Saturday, April 2, 2011

Funded v. Not Funded at Montana

Anonymous writes:

Does tiered funding create a problem in the workshops? Various handbooks and popular blogs out there say it does. The "advice" tells prospective students that it creates a situation which negatively influences the dynamic in the workshop. (Like a war between the "haves" and the "have-nots."The "advice" tells students to attend only if funding is offered. Can you and others weigh in on this? Obviously, I know from your comments that you were funded, but how were the experiences and opportunities of unfunded candidates? Do they come into the program with the stigma by other students and staff that their talents are less?

I admit when I discovered that I was the only funded person in nonfiction (out of five admits), I felt like pretty hot shit. I was chosen, special, the Star-bellied Sneetch. I had this idea that Judy Blunt had wielded my application like Excalibur from the stone. And sure, those first few weeks that I arrived in Montana were kind of nice. I was the “funded one.”

But after the initial thrill, the only difference became that 1) I was paid 9K a year and 2) I had to teach Fresh Comp. Once everyone began submitting their writing into workshop I had to admit that I was no better than anyone else. Everyone was super talented. There was absolutely no qualitative difference between the “funded” and the “unfunded.” None.

So far as how people were treated in workshop, I don’t think the faculty even remembered who was funded. I know that they hate not being able to offer funding to everyone. Basically every year the faculty sit down with a pile of apps, come up with who they would like to work with, and then make some very tough decisions. Dee and Kevin have told me that sometimes the final cuts feel very much like a coin toss.

Experienced writers know that it’s impossible to predict the career of a beginning writer. Think about it. What is there to know from a lone MFA writing sample? Once in a while there’s a Karen Russell or Lorrie Moore. But most of us dog it out for years before we write publishable work. Kevin said to me over again that while talent is nice, it’s the work ethic and determination that’s wins out in the end.

Of course, lack of funding has its problems. There’s the obvi, money. Those without TAs don’t get the teaching experience, and everyone teaching meets that first week of TA camp. There's nothing like the common enemy of pedagogical discourse to promote bonding. When I was at Montana, only TAs had an office. Finally, there’s the trickier and ickier idea of feeling less “wanted,” although I as I’ve said above, I don’t believe this is true. At least not at Montana.

On the plus side, not having to teach comp frees up time to write. Freshman Comp is time suck, an energy suck and a suck/suck. Slogging through twenty papers on the death penalty wears a writing soul down. I noticed that the unfunded writers often kicked more ass. They published more during the program. They took on outside jobs that were more interesting. And who knows? Maybe feeling like an underdog served as a motivation.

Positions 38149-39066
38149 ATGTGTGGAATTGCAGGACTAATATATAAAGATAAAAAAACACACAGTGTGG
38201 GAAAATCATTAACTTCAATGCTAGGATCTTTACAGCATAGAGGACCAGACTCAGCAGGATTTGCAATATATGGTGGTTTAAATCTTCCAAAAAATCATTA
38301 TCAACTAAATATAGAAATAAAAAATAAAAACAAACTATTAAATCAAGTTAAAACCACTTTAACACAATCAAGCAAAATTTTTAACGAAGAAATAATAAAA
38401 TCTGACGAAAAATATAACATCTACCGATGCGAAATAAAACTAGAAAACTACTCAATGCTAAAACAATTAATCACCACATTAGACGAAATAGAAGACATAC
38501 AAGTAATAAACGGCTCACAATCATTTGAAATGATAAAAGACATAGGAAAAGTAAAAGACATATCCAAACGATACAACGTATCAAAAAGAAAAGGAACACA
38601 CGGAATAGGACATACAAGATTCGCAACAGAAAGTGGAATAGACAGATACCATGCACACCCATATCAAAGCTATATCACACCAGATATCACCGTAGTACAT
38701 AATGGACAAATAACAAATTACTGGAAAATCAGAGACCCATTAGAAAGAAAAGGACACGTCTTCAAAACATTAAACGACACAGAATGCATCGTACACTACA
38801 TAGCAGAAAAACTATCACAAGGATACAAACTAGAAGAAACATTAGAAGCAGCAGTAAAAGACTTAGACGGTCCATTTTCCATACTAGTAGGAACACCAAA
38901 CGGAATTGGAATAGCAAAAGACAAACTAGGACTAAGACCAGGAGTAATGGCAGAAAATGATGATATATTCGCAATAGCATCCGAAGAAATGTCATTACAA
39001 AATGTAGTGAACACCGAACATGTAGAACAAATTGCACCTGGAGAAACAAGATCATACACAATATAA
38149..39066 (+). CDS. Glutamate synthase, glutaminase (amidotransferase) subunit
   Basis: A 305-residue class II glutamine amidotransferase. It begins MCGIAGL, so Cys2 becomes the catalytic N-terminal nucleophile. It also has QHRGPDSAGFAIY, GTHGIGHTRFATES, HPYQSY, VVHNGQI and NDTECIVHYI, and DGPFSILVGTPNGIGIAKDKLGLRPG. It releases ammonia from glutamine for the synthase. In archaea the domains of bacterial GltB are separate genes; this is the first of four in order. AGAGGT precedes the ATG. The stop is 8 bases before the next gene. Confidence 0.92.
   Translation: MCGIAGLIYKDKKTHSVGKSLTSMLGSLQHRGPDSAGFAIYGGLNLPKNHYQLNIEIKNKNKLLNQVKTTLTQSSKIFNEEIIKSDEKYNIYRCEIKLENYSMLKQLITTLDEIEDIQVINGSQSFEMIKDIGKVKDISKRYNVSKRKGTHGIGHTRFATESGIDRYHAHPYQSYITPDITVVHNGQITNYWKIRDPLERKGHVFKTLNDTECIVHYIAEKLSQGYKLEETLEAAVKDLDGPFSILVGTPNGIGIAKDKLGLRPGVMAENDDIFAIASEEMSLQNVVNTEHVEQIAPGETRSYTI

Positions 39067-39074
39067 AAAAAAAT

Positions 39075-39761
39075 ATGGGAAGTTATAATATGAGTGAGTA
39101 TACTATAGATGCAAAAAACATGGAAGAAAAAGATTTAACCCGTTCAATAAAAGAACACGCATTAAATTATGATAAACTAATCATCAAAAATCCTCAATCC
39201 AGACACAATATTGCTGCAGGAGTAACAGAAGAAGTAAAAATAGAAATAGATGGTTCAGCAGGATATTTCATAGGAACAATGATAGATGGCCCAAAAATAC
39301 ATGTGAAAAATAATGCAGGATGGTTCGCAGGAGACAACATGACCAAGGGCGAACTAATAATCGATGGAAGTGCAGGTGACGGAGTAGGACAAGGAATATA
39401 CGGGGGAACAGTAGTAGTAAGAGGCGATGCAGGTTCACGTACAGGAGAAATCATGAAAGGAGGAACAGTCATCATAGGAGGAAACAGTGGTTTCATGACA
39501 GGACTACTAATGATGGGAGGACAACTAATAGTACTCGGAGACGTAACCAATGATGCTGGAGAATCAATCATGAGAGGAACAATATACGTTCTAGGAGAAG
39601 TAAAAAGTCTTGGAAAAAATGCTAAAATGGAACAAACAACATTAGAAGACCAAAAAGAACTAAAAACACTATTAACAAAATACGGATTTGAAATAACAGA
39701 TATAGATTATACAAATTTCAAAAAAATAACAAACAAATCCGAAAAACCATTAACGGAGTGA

Travis Fortney said...

It's also well known within the program that the unfunded students tend to "kick ass" upon graduation. I don't think Aryn Kyle was funded. Carter Benton, who won the Atlantic prize while we were there was unfunded. Brian Kevin, the only member of our class so far to publish a book you can buy at Barnes and Noble, was unfunded, and so was Marvin Shackelford, who's published stories in 40 or 50 magazines and was pretty much universally thought of as the best writer in the program while we were there.

I think all of this has something to do with being forced to deal with the horrors of "the real word" (i.e. paying rent, buying groceries, etc.) while still in school. That's a real benefit to a writer.

Kelly Kathleen Ferguson said...

Aryn was funded, although it all happened last minute. But yeah, I agree that the time free from teaching is pretty huge. Some Phds here have fellowships and I wonder what it'd be like to be that free to write.

R.T. said...

I think it depends on how many courses you are required to take as well, in terms of time.

While at Hopkins (we were all equally funded, and all required to teach Intro to Fiction and Poetry), there was plenty of time to write. We were required to take only one workshop and one reading seminar per semester, which came out to 6 hours of class a week, and 3 hours of teaching.

I was admitted into Montana, but couldn't imagine my life without the financial support. Regardless, it's true that talent without determination means little.

The selection process for admitted students was sort of haphazard. The pile of applications was split into four, and each of the faculty would select a few favorites (at times it was clear which professor had chosen which student not because of favoritism, but because of their common and very specific interests, i.e., Victorian ghost stories). But they would throw their faves into a pile, and then choose again.